Introduction to Clinical Trials

This Clinical Trial Guide article provides an introduction to clinical trials for patients.
Back January 24, 2023

This Clinical Trial Guide article provides an introduction to Clinical Trials. If you are reading our online Clinical Trial Guide, it is likely either you or someone you care about is considering enrolling in a clinical trial that tests drug interventions that could help with your condition, or even cure it. We hope you are reading this early on in your or a loved one’s diagnosis. For some conditions, such as cancer, the best time to get started in a trial is immediately following diagnosis.

At Clinical Trial Guide, we’ve assembled a team of clinical trial authorities to create this resource and are here to help guide you through the complexities of clinical trials. We want to assist you in finding the type of trial that best fits your needs and will benefit you the most. First, we want you to understand what motivates companies and institutions to conduct clinical research and why people seek to participate in them.

This article will introduce the essentials of clinical trial research and how clinical trials work. Let’s see whether clinical trials are the next step for you!

Clinical Research Explained

When you volunteer to take part in clinical research, you are helping researchers and physicians advance their understanding of diseases and how best to treat them. There are four basic types of medical research:

  • Epidemiological research looks at diseases, what causes them and what their effects are on people.
  • Behavioral studies examine the health effects of human behavior.
  • Health services research looks at how well people are able to access healthcare providers and health care, and how that affects the care they receive.
  • Clinical trials involve experiments and observations of the effects of interventions on health outcomes.

Clinical Trial Guide focuses on this last category—clinical trials. Before any new treatment, drug or even a medical device can be administered to the public or used for medical care, they must all go through clinical trials. Depending on the results of these trials, the new treatments must then be approved by various federal organizations, including the Food and Drug Administration (FDA). Clinical trials may require many years of study to complete and can cost companies hundreds of millions of dollars.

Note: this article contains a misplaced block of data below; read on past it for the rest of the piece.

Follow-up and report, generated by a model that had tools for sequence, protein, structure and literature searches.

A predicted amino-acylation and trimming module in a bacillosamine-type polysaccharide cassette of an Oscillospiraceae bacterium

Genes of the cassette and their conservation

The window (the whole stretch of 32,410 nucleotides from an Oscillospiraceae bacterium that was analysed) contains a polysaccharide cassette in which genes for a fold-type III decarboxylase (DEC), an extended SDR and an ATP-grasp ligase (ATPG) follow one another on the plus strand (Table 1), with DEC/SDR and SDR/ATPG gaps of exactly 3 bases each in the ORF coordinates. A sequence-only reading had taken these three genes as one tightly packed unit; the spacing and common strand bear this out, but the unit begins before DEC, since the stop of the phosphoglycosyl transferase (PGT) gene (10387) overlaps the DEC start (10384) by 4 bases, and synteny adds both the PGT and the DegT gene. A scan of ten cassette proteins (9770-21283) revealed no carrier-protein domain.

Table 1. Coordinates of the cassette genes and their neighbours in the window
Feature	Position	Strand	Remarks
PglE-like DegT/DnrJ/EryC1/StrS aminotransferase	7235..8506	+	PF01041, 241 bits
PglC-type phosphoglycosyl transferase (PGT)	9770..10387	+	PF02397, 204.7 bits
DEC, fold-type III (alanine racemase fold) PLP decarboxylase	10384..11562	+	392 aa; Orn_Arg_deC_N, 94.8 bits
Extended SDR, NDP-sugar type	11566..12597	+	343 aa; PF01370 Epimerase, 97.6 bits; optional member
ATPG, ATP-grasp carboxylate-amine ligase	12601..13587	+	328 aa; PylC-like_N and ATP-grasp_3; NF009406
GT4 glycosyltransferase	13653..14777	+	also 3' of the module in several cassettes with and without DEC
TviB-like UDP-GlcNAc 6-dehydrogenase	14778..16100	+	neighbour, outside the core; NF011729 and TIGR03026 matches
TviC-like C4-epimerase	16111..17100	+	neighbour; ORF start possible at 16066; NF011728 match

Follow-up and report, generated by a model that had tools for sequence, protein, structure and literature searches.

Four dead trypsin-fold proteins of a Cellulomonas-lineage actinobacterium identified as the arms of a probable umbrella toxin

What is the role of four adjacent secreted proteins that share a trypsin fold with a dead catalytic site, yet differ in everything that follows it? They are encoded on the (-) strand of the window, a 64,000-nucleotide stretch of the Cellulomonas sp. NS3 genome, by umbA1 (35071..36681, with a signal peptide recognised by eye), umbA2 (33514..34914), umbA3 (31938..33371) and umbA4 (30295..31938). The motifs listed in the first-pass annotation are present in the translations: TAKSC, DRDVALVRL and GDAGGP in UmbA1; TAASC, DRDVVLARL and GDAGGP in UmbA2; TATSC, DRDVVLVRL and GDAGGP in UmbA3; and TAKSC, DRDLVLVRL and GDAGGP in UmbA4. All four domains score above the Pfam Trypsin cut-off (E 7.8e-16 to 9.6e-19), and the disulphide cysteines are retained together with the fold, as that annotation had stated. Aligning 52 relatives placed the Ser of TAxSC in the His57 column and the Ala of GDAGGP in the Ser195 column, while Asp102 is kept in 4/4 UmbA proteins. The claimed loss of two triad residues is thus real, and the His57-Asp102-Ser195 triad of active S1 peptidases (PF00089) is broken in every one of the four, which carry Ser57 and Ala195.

What are the Types of Clinical Trials?

If you are seeking a clinical trial related to your particular condition, you are most likely looking for either a treatment trial or a quality-of-life trial.

  • Treatment trials study new drugs, combinations of drugs, or new approaches to surgical or radiation procedures.
  • Quality of life trials (also known as supportive care trials) look for ways to measure and improve the comfort (aka quality of life) for people with existing conditions or illnesses.

There are several other types of clinical trials, but those focus more on finding new ways to prevent, diagnose or screen for a particular disease. Though for all clinical trials, it is important to realize that getting in early is critical for certain states of the disease, it is equally important to assess the possible benefits and risks of the trial.

So How Do Clinical Trials Work?

Most of the greatest advances in medical science have developed from clinical trials. When most people think of clinical trials, drugs or vaccines immediately come to mind (especially during the era of COVID-19). By definition, clinical trials involve biomedical or behavioral research that studies new and existing interventions that could show promise in improving outcomes in disease, chronic medical conditions, and mental health disorders.
Branching out beyond pharmaceuticals, these interventions can include the use of new and existing medical devices, surgical techniques, diet changes, dietary supplements, lifestyle modifications, and mental health treatments. Often, clinical trials may study multiple interventions in combination, depending on the disease or condition.

Ultimately, clinical trials are research studies designed to show us what works and what doesn’t. They’re used for all types of diseases and conditions, one of the most common being various types of cancers. These studies will help to determine if new or even current treatments are more or less effective than others. It is an avenue used to study new ways to detect, diagnose, or measure diseases, or ideally, to learn how to cure or prevent them.

Clinical trials serve a significant purpose toward the progression of scientific research and medical practice when it comes to medical treatments and therapies. Without clinical trials, doctors today would not have the knowledge or capabilities to treat many of the diseases we currently face, and thanks to the collective research from several years past, many diseases are no longer a great concern or pose the threat that they once did.

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